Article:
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How to Create a Complex Moral Argument for Your Theme
May 27, 2016
On their surface, stories are nothing more than entertainment. They’re fun little ditties about cool people doing interesting things. But that’s not all stories are. Even the simplest of stories are saying something–they’re positing a moral argument about the world we live in.
Cool, right? Even when we don’t intend to share a “message” with readers, we are. The outcome of the story–the choices the protagonist makes–the way he is rewarded for some choices and punished for others–all of these things are presenting a moral world view, however subtly, for the readers’ consideration.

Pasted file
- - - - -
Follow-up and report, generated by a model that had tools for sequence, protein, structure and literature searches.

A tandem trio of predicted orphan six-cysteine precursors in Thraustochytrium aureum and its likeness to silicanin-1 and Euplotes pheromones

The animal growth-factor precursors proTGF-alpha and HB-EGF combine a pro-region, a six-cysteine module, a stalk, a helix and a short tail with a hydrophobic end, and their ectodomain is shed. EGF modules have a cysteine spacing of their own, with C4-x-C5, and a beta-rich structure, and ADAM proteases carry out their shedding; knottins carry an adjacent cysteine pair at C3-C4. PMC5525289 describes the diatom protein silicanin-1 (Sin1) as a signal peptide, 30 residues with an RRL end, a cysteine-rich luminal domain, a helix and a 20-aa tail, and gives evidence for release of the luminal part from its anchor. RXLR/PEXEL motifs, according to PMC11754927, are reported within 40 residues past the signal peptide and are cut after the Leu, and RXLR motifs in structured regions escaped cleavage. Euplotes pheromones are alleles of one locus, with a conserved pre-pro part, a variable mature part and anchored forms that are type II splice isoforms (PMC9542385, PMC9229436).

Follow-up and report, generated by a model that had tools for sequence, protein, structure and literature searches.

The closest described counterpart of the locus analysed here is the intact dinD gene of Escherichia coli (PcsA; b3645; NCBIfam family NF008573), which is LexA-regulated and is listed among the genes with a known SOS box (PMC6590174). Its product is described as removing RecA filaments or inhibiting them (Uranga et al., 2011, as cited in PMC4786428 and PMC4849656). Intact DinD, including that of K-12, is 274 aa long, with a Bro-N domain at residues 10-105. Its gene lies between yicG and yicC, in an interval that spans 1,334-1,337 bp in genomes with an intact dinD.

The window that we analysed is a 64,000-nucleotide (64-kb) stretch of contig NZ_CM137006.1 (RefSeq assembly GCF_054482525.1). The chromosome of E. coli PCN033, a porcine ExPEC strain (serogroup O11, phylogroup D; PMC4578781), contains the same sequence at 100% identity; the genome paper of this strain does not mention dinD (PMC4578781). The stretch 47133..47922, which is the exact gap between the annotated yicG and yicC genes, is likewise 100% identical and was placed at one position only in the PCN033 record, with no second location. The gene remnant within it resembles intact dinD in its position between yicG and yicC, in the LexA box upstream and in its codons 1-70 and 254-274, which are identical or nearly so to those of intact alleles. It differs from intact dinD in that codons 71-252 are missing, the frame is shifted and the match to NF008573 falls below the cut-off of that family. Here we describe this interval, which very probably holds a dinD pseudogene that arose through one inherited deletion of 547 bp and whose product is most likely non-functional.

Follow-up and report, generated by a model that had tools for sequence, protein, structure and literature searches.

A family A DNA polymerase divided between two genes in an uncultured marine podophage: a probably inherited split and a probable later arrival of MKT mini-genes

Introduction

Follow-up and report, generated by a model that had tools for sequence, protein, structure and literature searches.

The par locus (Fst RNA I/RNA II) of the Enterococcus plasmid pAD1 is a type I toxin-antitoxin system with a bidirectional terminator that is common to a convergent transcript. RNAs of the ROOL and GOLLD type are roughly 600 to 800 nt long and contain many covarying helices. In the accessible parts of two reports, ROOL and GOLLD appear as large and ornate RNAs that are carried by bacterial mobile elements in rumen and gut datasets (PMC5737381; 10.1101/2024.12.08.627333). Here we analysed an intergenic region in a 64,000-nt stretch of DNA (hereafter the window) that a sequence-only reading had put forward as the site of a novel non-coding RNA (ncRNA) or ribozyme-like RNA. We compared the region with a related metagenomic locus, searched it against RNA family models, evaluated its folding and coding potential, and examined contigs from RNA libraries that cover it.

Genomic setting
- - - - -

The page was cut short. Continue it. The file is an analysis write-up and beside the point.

But it gets even cooler. Because if you can take conscious control of these elements, you can raise even the most entertainment-driven story to far greater heights of purpose, resonance, and meaning.
How Not to Create a Complex Moral Argument
Be ye warned, however. This is not a road for the faint-hearted or the flippant. Execute your story’s moral argument with something less than finesse and you might end up distancing readers by making them feel preached at (and this is so whether they agree with your “message” or not).
So what’s the secret to finessing a complex moral argument?
The key is the word “complex.” If your thematic premise comes across as too simplistic or one-sided, readers will inevitably feel like you’ve rigged the jury. You’re not presenting them all the facts, which means you’re not trusting them to make up their own minds, which means you’re representing yourself as smarter than they are, which means they’re not going to like you (or your story) very much.
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